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The First American-Made "Automobile Vehicle" Advertisement Is 127 Years Young
They are everywhere, and there is no escape from their grasp. You check your phone, and you see them. You turn on the TV – sure enough, you hit them, sooner or later. You drive to work, and there they are, smiling from billboards, trucks, buses, or whole buildings. You turn on the radio, and you can’t refrain from hearing them.

The First American-Made "Automobile Vehicle" Advertisement Is 127 Years Young

Duryea Motor Wagon - the first US-made series production automobileDuryea Motor Wagon - the first US-made series production automobileDuryea Motor Wagon - the first US-made series production automobileDuryea Motor Wagon - the first US-made series production automobileDuryea Motor Wagon - the first US-made series production automobileDuryea Motor Wagon - the first US-made series production automobileDuryea Motor Wagon - the first US-made series production automobileDuryea Motor Wagon - the first US-made series production automobile
We are talking about car advertisements and the frenzy that started about 130 years ago. Cars are an all-around presence in our daily lives, and it’s hard to imagine life without them (frankly, it’s harder to imagine life without automobiles than without the internet and smartphones). 

Rough estimates place the car ad spending at about 17 billion dollars – and that’s in the U.S. alone – in 2022. But at the dawn of the 19th century, one advert spurred this financial roller coaster. And, come to think of it, it makes perfect sense – all trips begin with the first single step.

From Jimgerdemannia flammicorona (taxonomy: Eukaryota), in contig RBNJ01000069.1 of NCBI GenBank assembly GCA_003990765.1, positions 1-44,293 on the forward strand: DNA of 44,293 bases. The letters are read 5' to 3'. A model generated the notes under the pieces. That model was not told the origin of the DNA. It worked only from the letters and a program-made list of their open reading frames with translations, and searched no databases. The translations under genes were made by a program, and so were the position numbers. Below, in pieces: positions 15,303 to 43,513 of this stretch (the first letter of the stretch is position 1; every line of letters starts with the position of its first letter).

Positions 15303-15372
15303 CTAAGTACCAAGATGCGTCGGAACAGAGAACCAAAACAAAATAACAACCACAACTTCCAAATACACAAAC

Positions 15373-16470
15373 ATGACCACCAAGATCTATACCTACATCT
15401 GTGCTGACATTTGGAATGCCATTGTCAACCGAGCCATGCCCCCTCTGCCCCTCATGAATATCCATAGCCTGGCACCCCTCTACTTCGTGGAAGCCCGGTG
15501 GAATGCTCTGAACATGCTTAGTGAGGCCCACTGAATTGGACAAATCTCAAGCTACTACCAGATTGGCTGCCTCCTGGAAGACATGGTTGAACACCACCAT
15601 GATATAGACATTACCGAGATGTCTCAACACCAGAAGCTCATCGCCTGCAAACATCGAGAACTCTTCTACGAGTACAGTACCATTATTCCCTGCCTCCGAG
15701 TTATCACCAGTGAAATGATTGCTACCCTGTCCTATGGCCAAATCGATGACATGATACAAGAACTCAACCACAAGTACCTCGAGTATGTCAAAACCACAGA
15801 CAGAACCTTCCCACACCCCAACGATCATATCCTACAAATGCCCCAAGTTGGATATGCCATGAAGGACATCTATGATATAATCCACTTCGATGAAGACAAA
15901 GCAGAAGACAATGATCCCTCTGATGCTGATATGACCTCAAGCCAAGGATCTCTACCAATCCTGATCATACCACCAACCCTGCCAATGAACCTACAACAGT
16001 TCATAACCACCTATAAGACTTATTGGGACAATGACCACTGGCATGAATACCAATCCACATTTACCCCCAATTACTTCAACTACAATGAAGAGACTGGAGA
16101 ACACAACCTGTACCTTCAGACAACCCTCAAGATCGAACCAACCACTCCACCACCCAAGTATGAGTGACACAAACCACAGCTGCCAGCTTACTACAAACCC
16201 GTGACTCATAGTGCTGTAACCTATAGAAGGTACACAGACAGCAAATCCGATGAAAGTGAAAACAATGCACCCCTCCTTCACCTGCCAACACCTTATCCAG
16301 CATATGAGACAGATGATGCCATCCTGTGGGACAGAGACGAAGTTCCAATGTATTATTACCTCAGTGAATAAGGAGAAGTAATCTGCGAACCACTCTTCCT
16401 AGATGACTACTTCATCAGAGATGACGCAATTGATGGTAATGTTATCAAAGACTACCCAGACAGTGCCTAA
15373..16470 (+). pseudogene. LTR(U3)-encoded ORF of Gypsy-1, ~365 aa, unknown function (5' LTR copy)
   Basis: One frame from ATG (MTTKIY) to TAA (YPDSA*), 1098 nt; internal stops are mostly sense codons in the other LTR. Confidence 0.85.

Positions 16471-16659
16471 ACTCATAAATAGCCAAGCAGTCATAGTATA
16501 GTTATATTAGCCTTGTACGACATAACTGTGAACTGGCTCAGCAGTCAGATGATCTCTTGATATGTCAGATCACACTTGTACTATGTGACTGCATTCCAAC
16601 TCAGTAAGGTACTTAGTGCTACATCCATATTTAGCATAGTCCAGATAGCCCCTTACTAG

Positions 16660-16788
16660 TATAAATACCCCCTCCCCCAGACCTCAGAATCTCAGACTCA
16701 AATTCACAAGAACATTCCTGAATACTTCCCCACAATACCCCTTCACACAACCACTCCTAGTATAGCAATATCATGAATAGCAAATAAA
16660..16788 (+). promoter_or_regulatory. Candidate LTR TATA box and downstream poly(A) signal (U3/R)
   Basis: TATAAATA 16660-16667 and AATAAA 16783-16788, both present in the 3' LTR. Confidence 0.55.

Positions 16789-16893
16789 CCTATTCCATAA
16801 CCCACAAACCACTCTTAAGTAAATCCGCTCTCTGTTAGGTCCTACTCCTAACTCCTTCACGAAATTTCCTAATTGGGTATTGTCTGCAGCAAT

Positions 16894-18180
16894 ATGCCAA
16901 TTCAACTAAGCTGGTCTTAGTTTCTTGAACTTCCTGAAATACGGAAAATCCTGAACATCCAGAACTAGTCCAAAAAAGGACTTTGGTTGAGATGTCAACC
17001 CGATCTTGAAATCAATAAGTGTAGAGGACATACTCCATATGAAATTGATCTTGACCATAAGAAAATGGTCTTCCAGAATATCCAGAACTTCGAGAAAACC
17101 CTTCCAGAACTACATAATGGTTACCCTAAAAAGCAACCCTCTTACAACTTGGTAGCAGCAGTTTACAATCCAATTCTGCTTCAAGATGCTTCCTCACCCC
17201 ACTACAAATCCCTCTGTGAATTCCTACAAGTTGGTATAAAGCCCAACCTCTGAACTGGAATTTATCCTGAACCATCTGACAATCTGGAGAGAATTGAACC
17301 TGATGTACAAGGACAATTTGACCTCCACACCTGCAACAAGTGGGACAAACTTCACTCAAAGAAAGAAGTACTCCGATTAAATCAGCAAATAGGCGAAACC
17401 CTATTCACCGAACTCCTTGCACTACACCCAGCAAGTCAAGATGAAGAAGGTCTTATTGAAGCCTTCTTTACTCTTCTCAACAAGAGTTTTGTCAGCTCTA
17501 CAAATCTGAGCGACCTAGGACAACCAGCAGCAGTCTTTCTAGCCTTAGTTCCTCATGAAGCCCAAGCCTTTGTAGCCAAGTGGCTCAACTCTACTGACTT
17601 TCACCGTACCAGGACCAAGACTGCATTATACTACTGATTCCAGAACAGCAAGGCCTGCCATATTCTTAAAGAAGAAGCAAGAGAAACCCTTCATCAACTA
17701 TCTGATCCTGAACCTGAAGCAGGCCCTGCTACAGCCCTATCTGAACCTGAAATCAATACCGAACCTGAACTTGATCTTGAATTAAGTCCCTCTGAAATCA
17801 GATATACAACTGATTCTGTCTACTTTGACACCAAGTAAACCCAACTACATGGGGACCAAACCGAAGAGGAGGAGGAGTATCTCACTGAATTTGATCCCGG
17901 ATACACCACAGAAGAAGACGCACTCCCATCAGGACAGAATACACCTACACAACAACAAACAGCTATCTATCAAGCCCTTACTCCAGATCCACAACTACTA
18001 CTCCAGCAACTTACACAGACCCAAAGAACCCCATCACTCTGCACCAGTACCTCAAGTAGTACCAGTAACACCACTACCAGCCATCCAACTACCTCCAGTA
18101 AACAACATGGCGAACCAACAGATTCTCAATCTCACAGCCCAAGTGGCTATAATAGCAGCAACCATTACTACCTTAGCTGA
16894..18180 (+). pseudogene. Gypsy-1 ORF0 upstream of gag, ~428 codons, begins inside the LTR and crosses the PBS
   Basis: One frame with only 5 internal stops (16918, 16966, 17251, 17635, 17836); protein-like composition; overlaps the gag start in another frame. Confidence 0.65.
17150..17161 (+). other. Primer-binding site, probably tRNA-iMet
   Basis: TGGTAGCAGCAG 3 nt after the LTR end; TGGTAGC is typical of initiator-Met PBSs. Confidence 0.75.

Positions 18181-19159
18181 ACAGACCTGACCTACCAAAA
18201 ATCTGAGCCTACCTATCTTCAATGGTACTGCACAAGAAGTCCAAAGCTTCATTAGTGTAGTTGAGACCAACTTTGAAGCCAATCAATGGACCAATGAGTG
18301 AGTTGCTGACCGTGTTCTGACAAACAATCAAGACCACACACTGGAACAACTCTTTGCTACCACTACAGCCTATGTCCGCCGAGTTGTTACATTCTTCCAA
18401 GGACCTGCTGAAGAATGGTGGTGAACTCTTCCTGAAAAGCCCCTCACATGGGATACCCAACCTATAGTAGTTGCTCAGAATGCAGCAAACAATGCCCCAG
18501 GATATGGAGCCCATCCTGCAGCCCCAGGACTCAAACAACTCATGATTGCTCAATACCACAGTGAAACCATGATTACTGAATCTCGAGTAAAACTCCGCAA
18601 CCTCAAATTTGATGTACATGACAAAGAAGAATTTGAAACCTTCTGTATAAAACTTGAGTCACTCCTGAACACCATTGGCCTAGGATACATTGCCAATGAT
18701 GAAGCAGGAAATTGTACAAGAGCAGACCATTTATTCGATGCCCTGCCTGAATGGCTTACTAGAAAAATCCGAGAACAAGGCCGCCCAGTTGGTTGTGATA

However, this time things are a bit different. Cars emerged into the U.S. world in the early 90s. In the 1890s, don’t judge so hastily, with one Duryea company building the first American-made, American-powered, American-tested, and American-sold “automobile vehicle.”

That’s not a redundant statement - at least not for that age. “Automobile” and “Vehicle” were not interchangeable; animals were standing between them. Literally, most vehicles of the time were still horse-drawn (oxcarts were still around, but we can rule them out).

This particularity – the horse – was foretold into oblivion by one (unsubtly named) The Horseless Age magazine that promoted other means of transportation. Say hello to – you guessed it – the motor wagon.

For late 19th-century USA, this motor wagon came from two brothers – Charles and Frank Duryea, who built an automobile of their design – basically a coach body with a gasoline motor. That was in 1893, and the two brothers were in business two years later. So much so that The Horseless Age published an article about the company in the first issue in November 1895. Also, the Duryeas had a paid advertisement printed on page three of the periodical.

Their first car ad said: “Duryea Motor Wagon Company, Springfield, Mass. Manufacturers of Motor Wagons, Motors, and Automobile Vehicles of all kinds.” It would probably make copywriters of today’s agencies roll on the floor laughing, but this simple phrase started it all.

For the record, the publication did not have a rate card, and all advertisements were sold individually, an aspect clearly stated on the opening page of the first number of the monthly gazette. A Google-digitized copy of that historic premiere of automotive journalism can be viewed at this link, together with the Duryea advert.